It is located on the east bank of the Ganjiang River in the northwest of Nanchang. It was named after its sponsor Prince Li Yuanying (630-684), younger brother of Emperor Li Shimin of the Tang Dynasty. It is known as one of the top three buildings in southern China, together with the Yellow Crane Tower in Hubei and Yueyang Tower in Hunan. The pavilion has been rebuilt many times in history. The main body of the current was completed in 1989. With a net height of 57.5 meters and a total of nine floors, the building is adjacent to the Ganjiang River and faces the Xishan Mountain.
Transportation: Take buses No. 2 Inner Ring, No. 26 Inner Ring, or No. 302 Inner Ring, and get off at the Tengwang Pavilion Stop.
Located on the Shengjinta Street, Xihu District, Nanchang City, it was built in 904-907. According to legend, before the construction of the tower, an iron box was dug out from there, containing four gold ropes, three ancient swords, and 300 Buddhist relics, hence the name. The tower is a brick-and-wood structured pavilion tower of typical southern style. The 50.86-meter-high tower has a strong religious vibe. Every October, a temple fair is held here. Visitors can participate in ritual activities, watch folk songs and dances, try local snacks, and experience folk culture.
Transportation: Take Metro Line 3 and Line 4 to Shengjin Tower Station.
August 1st Nanchang Uprising Memorial Hall
Located in Zhongshan Road, Xihu District, it consists of two buildings. The old building is the former site of the Nanchang Uprising Command. The new one is for exhibitions. The memorial hall is divided into several parts. There is a free narrated information session every half hour. The former site of the Nanchang Uprising Command was originally the Jiangxi Grand Hotel. This is a doughnut shaped building with a combination of Chinese and Western characteristics. In late July 1927, the uprising army went to Nanchang and rented the hotel as the uprising’s command center. Now it is arranged for visits as it was during the uprising.
Transportation: Take subway Line 1 to the Bayi Hall Station.
Jinggang Mountain Scenic Resort
It is about 330 kilometers from Nanchang and a national scenic spot. With a forest coverage rate of 81.2 percent, the region still retains large untouched virgin forests. The Jinggang Mountain is the first rural revolutionary base in China established by Mao Zedong and Zhu De and other proletarian revolutionaries. It is known as the cradle of the Chinese revolution. It has 11 scenic areas, including more than 30 cultural landscapes and more than 100 revolutionary sites. It is a mountain resort integrating sites of human interest and natural scenery.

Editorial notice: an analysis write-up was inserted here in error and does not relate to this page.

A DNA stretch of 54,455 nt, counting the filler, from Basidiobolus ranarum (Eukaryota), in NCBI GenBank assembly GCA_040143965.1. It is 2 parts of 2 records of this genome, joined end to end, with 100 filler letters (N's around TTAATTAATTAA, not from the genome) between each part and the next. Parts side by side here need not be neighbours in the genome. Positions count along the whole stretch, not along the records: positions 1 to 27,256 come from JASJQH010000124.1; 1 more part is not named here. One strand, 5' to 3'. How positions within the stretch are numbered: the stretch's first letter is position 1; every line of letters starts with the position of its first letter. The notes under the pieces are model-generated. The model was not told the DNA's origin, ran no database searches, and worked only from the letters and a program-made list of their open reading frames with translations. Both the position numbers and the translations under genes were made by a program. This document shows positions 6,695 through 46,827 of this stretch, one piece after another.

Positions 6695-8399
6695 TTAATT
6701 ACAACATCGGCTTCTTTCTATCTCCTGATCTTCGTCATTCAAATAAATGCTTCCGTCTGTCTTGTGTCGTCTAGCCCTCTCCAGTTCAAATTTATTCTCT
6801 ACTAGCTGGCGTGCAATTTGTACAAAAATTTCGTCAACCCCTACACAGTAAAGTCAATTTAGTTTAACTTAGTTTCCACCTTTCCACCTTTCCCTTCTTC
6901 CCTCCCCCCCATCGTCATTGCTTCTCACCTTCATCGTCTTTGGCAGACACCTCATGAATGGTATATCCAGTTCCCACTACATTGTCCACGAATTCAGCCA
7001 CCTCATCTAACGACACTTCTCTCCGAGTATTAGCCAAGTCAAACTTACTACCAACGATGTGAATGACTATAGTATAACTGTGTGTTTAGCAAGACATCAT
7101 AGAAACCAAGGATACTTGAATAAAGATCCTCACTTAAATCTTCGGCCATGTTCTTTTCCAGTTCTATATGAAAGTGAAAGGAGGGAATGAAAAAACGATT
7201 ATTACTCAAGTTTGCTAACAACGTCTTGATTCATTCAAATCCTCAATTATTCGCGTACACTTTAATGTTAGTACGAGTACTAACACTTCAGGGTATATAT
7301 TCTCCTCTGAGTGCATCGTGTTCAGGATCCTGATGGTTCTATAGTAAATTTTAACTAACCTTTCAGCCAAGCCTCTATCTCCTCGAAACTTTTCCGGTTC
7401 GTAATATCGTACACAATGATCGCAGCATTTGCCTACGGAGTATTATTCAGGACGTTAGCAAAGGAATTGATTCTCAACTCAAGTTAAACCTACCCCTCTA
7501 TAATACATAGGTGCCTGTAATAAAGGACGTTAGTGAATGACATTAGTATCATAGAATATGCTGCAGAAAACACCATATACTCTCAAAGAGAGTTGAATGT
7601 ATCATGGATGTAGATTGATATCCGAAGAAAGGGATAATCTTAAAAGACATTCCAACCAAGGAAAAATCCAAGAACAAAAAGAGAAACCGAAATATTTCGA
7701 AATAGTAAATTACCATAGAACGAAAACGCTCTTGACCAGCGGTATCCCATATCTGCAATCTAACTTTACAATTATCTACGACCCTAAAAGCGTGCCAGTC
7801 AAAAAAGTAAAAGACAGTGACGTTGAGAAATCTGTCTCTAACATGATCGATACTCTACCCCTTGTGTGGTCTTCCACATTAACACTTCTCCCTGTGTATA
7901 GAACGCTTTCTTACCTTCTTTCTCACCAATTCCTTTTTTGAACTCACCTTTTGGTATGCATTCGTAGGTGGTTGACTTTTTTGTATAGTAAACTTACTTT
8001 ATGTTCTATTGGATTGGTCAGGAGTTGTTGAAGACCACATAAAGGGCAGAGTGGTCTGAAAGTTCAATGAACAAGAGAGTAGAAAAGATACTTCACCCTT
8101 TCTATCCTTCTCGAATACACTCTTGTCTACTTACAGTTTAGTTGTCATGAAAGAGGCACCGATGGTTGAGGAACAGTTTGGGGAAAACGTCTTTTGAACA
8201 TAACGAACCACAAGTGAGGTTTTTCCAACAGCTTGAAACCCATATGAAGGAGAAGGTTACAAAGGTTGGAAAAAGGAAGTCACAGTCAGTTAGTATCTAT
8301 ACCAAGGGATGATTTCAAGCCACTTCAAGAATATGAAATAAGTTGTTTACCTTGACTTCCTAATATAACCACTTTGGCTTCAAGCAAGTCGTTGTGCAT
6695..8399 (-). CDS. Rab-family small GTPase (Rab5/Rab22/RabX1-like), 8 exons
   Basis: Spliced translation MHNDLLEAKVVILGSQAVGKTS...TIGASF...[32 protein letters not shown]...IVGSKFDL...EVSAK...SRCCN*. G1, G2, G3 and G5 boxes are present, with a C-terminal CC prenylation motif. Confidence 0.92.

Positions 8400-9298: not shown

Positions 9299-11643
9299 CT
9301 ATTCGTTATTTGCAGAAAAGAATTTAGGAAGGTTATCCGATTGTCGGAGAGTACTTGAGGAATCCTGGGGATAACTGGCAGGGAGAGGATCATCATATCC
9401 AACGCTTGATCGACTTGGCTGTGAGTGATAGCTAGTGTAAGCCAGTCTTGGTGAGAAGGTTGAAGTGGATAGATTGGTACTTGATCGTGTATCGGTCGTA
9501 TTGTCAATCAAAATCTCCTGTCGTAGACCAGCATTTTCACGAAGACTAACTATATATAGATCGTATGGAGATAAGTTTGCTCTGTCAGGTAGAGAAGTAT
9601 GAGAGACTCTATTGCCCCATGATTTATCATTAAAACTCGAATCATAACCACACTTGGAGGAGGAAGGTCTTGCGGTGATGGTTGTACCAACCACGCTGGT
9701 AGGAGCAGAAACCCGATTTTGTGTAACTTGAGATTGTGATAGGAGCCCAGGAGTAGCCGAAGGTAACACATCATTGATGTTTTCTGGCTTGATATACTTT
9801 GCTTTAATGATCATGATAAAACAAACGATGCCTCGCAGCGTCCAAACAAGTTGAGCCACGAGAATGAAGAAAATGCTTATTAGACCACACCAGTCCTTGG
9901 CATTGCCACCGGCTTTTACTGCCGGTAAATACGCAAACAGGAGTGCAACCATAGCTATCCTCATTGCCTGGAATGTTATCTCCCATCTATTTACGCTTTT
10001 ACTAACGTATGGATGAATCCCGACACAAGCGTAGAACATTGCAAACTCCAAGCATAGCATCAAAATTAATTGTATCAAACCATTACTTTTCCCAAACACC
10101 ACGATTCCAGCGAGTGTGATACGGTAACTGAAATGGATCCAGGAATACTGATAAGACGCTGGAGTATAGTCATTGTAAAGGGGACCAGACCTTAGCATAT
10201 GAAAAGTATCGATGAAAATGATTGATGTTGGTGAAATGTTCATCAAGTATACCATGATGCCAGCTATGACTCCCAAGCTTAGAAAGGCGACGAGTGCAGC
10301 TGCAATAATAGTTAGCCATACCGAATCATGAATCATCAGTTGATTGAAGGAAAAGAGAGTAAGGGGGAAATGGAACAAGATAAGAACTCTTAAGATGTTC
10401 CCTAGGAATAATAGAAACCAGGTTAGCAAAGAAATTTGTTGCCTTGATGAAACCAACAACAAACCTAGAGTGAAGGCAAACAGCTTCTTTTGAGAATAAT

About 200 kilometers from Nanchang, it is called the world’s porcelain capital. The production of royal porcelain wares has been going on there for more than 640 years. During that long and illustrious history, Jingdezhen has learned widely from famous kiln styles and techniques from all over the country. The porcelain produced there has gradually formed a unique reputation of being as white as jade, as bright as a mirror, as thin as paper, and sonorous like a bell.”
In Jingdezhen, you can go to the Imperial Kiln, Jingdezhen Folk Kiln Museum, and Jingdezhen Ceramics Museum to appreciate porcelain. You can also go to the Ceramic History Expo Area to see the whole process of making porcelain by local artists.
About 130 kilometers from Nanchang lies the Lushan Mountain, which has been a famous historic and cultural landmark since ancient times, and has won the title of World Geopark, World Cultural Heritage, and China 5A Scenic Area. The tourist attractions can be roughly divided into two categories: natural attractions and cultural attractions. The natural landscapes include dangerous peaks, deep valleys, waterfalls, and picturesque clouds. Besides the natural splendor, the site was also the setting for major cultural changes and political events in the past dynasties that have shaped the course of Chinese history.
Nowadays, Lushan Mountain is still a famous summer resort. It is home to the villas built by more than 20 countries including Britain, Russia, America, and France. The most famous one is the Meilu, which was once the summer residence of Chiang Kai-shek and his wife.